So, if a plane takes up roughly 300 cubic meters of space, you could stack around 50 billion planes without them touching, all within the VFR flyable volume of sky. The sky is very big, indeed.
But how many planes are in the sky worldwide at any one time? Estimates on this vary widely, but Boeing says around 15,000. Given our previous estimates, that means there’s around 3 million times more space for planes than there are planes. Based just on this, you’d have to be very unlucky indeed to run into someone else in that big sky.
“If a plane takes up roughly 300 cubic meters of space, you could stack around 50 billion planes without them touching, all within the VFR flyable volume of sky. The sky is very big, indeed.”
Factors That Shrink The Big Sky Considerably
Unfortunately, those 15,000 or so airplanes in the sky at any one time aren’t scattered evenly throughout it. They are, in fact, concentrated in a number of ways. First, most GA pilots fly at altitudes far lower than even our 18,000-foot VFR upper limit. Because of rules regarding the use of oxygen, few planes fly VFR above around 12,000 feet, even when it’s legal, and most stay well below that. Anecdotally, the busiest altitudes for VFR traffic seem to be from around 3,500 to around 7,500 feet msl. So, a lot of those thousands of planes are cruising along in the same, much smaller sphere of sky, one that’s only around 4,000 feet thick.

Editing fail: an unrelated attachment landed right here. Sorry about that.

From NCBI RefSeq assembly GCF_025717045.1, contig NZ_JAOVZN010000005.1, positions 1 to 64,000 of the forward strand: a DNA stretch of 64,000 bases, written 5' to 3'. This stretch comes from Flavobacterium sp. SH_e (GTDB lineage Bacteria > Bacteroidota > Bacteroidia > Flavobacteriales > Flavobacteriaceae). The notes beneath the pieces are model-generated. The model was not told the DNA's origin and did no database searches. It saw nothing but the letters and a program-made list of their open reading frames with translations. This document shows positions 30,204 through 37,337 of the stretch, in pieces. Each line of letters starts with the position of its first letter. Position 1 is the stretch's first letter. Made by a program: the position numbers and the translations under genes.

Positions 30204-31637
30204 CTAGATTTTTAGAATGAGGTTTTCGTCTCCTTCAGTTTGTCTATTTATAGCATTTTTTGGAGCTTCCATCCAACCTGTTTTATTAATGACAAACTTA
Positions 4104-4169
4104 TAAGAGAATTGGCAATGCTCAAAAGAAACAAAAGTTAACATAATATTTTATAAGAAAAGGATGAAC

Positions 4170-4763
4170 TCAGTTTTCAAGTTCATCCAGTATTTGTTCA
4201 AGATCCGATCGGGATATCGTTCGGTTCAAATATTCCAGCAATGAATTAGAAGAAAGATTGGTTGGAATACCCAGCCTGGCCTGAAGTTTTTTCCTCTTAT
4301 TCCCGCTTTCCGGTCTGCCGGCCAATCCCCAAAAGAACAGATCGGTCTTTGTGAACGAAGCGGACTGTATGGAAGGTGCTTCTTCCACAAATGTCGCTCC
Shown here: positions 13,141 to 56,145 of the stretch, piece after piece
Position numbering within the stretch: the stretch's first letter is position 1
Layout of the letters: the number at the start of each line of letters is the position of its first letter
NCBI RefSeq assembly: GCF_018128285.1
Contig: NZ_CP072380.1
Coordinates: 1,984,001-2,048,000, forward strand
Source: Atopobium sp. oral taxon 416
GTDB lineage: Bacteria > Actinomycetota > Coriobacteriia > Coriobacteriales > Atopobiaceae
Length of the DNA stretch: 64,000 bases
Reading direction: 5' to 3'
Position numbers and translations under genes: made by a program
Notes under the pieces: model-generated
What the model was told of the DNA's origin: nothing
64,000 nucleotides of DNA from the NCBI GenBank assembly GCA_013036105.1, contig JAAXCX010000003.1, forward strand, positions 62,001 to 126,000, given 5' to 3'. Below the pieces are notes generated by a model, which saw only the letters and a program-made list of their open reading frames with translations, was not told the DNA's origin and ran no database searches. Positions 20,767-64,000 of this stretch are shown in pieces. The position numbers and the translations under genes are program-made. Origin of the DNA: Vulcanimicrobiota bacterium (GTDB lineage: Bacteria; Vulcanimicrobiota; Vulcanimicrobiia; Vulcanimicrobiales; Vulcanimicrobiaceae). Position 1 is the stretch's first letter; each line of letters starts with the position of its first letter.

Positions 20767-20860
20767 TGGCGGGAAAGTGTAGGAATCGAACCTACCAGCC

Moreover, all parts of the planet aren’t equally flown in. Statistically speaking, no small planes fly over open ocean, which accounts for around 70% of the Earth’s surface. That other 30% is where small planes might fly. And of that 30%, only a small part of that is where people live. One estimate is that 95% of people live on 10% of the land. Since most (though not all) people go flying to go somewhere that there’s an airport and some people around, that concentrates planes statistically, as well.